Reid: Deal Made to End FAA Shutdown


Sen. Harry Reid, D-Nev.

Senate Majority Leader Harry Reid; Roll Call file photo

Update 4:59 p.m. ET | Senate Majority Leader Harry Reid said Thursday afternoon that a bipartisan compromise has been reached to end the partial Federal Aviation Administration shutdown that put thousands of transportation and construction workers out of work indefinitely:

I am pleased to announce that we have been able to broker a bipartisan compromise between the House and the Senate to put 74,000 transportation and construction workers back to work. This agreement does not resolve the important differences that still remain. But I believe we should keep Americans working while Congress settles its differences, and this agreement will do exactly that.

Reid did not specify details of the deal. However, other officials say they expect the Senate to accept a House-passed bill as early as Friday, The Associated Press reported.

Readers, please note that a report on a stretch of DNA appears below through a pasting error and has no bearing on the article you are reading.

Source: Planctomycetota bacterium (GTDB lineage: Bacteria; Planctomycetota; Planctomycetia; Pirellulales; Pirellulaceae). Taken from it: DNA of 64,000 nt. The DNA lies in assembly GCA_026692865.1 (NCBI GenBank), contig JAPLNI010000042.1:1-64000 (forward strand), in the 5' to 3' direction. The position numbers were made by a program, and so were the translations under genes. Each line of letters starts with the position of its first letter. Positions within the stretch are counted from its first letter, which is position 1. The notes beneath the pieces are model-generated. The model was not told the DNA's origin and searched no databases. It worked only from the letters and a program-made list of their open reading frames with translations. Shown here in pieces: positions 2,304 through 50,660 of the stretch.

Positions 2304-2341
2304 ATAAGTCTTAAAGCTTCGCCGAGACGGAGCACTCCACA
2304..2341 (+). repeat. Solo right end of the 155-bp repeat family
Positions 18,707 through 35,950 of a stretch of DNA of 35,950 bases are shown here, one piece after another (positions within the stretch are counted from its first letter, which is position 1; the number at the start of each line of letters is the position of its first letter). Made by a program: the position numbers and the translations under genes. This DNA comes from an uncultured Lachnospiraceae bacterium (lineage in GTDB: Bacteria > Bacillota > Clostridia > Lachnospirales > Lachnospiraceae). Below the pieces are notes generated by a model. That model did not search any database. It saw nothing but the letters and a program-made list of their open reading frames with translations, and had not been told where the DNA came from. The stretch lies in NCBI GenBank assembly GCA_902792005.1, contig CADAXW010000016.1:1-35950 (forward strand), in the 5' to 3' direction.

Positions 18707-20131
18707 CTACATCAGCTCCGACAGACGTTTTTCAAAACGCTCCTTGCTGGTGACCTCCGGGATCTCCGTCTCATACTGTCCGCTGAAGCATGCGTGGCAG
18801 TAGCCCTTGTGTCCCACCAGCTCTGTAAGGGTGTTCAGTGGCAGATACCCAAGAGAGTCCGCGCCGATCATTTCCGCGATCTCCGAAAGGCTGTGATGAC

After the deal was announced, House Speaker John Boehner’s spokesman Michael Steel said: “We are pleased the Senate has agreed to pass the House-approved FAA extension tomorrow.”

Sen. Jay Rockefeller, D-W.Va, chairman of the Senate Committee on Commerce, Science and Transportation, also issued a statement:

It’s clear the right wing of the GOP wants to undo worker protections and may again block progress on the FAA bill in September in order to get its way. Thankfully, for now, this deal allows the FAA to restart, maintains workers’ rights, and ensures that rural airports can get the resources they need, with language that protects deserving small communities whose airports are the lifeblood of their economies.

On Tuesday, Judy Woodruff discussed the budget impasse, which is costing the FAA millions in lost revenue, with Public Radio International’s Todd Zwillich and USA Today’s Ben Mutzabaugh:

Political Editor David Chalian contributed to this report.